A FACTION OF MK veterans has come out in support of erstwhile prosecutions chief Vusi Pikoli after he was forced out of an auditing firm because of political pressure from the ruling party.
Obbey Mabena, a member of the so- called commissariat of uMkhonto weSizwe Military Veterans Association, said Pikoli was “pushed out” of his job at the auditing firm SizweNtsalubaGobodo because he challenged the ANC.
“Vusi Pikoli was pushed out for sticking to principle.
“For that, the powers-that-be applied pressure on his colleagues to get rid of him. Anybody who dares (to challenge) the ANC will be punished and there are many examples of that,” Mabena said without elaborating.
Mabena was speaking at a two-day meeting of the commissariat, held at Shaft 17 Conference Centre at Nasrec, south of Joburg.
Interestingly, Shaft 17 gained prominence five years ago when it emerged that ANC national executive committee member Siphiwe Nyanda allegedly held a meeting at the same venue with ambassadors of several African countries to drum up support for President Jacob Zuma, who was at the time facing stiff opposition from his predecessor Thabo Mbeki.
Pikoli, who attended yesterday’s session, is a former commander of MK, according to Mabena. The commissariat has been at war with the MK veterans association and the ANC over missing funds.
The group has accused top MK veteran leaders – among them chairman Kebby Maphatsoe – of embezzling funds earmarked to improve the lives of military veterans.
Maphatsoe said of the commissariat: “Don’t worry about those ones. They are renegades,” he said.
The allegations came to light after the auditing firm conducted a forensic report into the affairs of the veterans association. A draft forensic report, which was handed out to the delegates at yesterday’s meeting, alleged that the association’s leaders turned the association’s investment holdings into their personal bank, using funds to pay for jewellery, spa treatments and school drama lessons. Huge sums of money were also withdrawn before Christmas.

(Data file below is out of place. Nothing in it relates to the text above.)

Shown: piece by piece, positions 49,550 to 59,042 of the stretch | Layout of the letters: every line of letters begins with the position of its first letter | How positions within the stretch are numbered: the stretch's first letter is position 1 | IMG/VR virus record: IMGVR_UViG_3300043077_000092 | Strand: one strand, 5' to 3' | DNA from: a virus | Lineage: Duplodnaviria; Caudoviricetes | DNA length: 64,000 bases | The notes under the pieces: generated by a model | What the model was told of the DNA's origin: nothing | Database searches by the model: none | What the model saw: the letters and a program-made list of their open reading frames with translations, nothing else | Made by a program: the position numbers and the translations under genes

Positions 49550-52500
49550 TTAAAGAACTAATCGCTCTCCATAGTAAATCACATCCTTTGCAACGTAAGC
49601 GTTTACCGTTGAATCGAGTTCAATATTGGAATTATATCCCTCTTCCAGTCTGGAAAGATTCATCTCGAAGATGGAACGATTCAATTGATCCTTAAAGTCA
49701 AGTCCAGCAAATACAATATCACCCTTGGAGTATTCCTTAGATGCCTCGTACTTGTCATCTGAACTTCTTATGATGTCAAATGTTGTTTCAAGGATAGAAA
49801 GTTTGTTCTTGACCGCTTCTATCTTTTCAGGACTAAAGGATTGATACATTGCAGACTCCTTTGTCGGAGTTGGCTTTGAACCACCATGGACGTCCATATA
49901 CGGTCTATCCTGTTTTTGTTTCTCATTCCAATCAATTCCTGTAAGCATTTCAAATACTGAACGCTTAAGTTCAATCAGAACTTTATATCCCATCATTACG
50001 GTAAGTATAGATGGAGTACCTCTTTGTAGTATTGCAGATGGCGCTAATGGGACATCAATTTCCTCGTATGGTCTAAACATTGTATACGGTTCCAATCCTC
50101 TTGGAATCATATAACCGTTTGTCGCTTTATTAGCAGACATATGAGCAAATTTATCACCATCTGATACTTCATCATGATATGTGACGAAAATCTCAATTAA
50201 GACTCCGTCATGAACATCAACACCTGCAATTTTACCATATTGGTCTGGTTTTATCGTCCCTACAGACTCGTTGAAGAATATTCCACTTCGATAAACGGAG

The draft report named former association leaders as responsible for the missing funds.
It claimed that the group helped themselves to R5.4 million, almost half of all the money coming into two accounts that the auditors scrutinised.
It also says they “maintained other interest(s) as a result of their involvement with uMkhonto weSizwe Military Veterans Association”.
The association has come out in support of Zuma prior to the ANC elective conference in Mangaung in December.
However, Mabena said yesterday the commissariat would not support anyone in the raging succession battle.
“We do not belong to a faction. We are not members of members in the organisation. Calling a leader to order is not counter-revolutionary.
“We are not for the chair of the ANC, the deputy or even the president. We are not here because of Mangaung,” he said.
The commissariat penned a document last year calling for Zuma to defer the Mangaung conference and turn it into a consultative conference to resolve the crisis in the party.
Alex Mashinini, another member of the commissariat, said Deputy President Kgalema Motlanthe allegedly told members of the commissariat at a meeting in July last year that the “ANC was sick and tired of babysitting (the veterans)”.
Yesterday, Thabo Masebe, spokesman for Motlanthe, confirmed that the deputy president attended the meeting but could not disclose what was discussed.